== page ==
Written by Ray Jenkins
Directed by James Goddard
Amos Green Must Live is a bit of a misfire. Although Amos Green’s views are just as topical today as they were over forty years ago, a slightly incoherent script does tend to drag the story down.
Amos Green (Corin Redgrave) is a politician with a clear message – Britain is full to bursting point, so he advocates sending the immigrants back home. He’s clearly a man who likes to court controversy and when his life seems to be under threat, the Section are tasked to protect him.
Corin Redgrave is by far the best thing about this story. He’s very watchable in all his scenes and Ray Jenkins’ script provides him with plenty of good material. Whether Green actually believes what he says or whether he’s simply making political capital is left to the view to decide. Later in the story, Hunter (who for some inexplicable reason is attending one of Green’s dinner-parties) does make the point that before 1967 Green never spoke about immigration, which does visibly ruffle the politician’s feathers.
As for the worst, Annette Crosbie as Green’s housekeeper May Coswood, takes some beating. It’s probably not Crosbie’s fault, rather it’s the way the part has been written. May is besotted with a black man called Casey (Stefan Kalipha). Naturally, she keeps this from Green, but she starts to act very oddly – stealing a dress, for example. Her erratic behaviour only draws attention to herself (and Casey).
If May’s motivations are sometimes hard to understand, then the same can be said of Casey. Towards the end we learn that he’s the prime mover behind the plot to kill Green – but there are various plot-holes along the way which are never resolved.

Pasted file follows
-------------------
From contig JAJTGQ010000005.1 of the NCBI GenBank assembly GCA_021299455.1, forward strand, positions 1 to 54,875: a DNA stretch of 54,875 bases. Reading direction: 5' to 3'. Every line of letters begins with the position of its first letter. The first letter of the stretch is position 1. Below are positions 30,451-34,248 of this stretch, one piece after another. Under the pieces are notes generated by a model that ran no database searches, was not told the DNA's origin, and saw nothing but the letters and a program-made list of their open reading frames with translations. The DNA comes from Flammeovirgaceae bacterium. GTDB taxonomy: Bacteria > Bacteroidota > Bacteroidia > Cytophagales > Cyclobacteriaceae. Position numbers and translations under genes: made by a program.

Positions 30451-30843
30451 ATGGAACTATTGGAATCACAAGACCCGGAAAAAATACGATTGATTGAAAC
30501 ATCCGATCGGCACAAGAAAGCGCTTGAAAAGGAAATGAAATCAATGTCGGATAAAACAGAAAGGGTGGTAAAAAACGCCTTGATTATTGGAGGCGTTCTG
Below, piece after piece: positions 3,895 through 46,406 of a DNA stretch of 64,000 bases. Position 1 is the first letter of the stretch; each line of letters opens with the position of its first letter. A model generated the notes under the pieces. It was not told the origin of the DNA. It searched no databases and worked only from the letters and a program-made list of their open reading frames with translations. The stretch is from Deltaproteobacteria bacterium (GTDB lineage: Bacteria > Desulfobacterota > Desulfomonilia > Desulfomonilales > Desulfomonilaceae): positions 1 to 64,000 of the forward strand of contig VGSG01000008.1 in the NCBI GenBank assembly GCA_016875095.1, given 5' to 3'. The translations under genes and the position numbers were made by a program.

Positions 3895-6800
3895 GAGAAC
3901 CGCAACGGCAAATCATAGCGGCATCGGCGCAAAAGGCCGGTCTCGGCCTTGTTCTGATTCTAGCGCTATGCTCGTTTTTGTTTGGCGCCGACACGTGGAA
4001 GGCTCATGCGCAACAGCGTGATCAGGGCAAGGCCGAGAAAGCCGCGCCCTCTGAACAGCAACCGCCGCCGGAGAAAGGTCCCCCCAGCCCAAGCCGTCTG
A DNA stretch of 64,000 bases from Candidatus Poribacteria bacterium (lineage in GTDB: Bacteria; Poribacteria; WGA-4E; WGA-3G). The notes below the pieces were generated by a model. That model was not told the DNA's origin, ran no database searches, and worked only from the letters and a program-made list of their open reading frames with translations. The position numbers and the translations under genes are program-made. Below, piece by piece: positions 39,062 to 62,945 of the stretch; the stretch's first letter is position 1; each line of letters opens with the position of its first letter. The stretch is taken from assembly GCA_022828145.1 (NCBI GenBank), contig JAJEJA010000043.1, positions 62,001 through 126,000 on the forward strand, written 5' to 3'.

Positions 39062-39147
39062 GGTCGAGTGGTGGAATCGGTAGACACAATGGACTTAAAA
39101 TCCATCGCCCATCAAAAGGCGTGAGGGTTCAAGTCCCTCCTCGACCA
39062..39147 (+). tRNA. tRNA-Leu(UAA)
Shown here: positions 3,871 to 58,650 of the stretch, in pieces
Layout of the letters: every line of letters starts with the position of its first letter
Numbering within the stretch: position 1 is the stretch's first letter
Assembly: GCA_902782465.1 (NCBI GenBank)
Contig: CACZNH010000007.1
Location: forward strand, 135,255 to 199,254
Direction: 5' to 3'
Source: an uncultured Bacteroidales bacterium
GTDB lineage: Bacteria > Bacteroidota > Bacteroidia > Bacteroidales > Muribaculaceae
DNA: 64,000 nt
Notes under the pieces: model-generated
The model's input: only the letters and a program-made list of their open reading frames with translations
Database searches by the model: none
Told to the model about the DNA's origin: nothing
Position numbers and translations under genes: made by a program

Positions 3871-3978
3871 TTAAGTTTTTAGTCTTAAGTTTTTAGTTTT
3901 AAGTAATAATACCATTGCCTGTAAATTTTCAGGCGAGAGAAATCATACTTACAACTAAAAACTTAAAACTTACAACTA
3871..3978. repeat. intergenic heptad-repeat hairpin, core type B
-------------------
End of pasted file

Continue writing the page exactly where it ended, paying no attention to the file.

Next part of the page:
The Section are originally drawn into the case after a black civil rights activist from America called Arrillo is fished out of the river. In his pocket was a book of matches with a picture of the Ace of Spades. A similar book of matches is sent to Green, so it’s surmised that his life will also be under threat.
Casey admits that he was the taxi-driver who picked up Arrillo. As the American was carrying a considerable sum of money, we can surmise that Casey killed him for it – which he planned to use to finance an attack against Green. If this is so, why would he place the matches in Arrillo’s pocket and why send a similar matchbook to Green? If it hadn’t been for the matches, then Green wouldn’t have known that his life was in danger. But frankly, it’s a very obscure clue – what are the chances that somebody would have made the connection between Arrillo and Green?
Although Casey is organising the attack against Green (with gas weapons and guns) it’s actually carried out by several Americans (well, I think they’re attempting American accents, it’s hard to be sure). Were they recruited with the money Casey stole from Arrillo? Or since Arrillo was an American, did they follow him over?
Whilst there are a few nice moments (Lonely buying Callan the most hideous tie imaginable as a thank you present, for example) it’s certainly one of the less engaging episodes of the series. When a General Election was called in 1970, the episode was pulled from the schedule and transmitted later in the run (as previously mentioned, Breakout should have been the series finale). So there is a certain historical curiosity in watching this (albeit-temporarily) “banned” episode.
The character of Amos Green tapped into the debates of the day (he’s clearly a thinly-veiled portrait of Enoch Powell, notorious for his “Rivers Of Blood” speech) but whilst Redgrave is fine, the episode in general is just a little too heavy handed and from a modern viewpoint feels rather crude.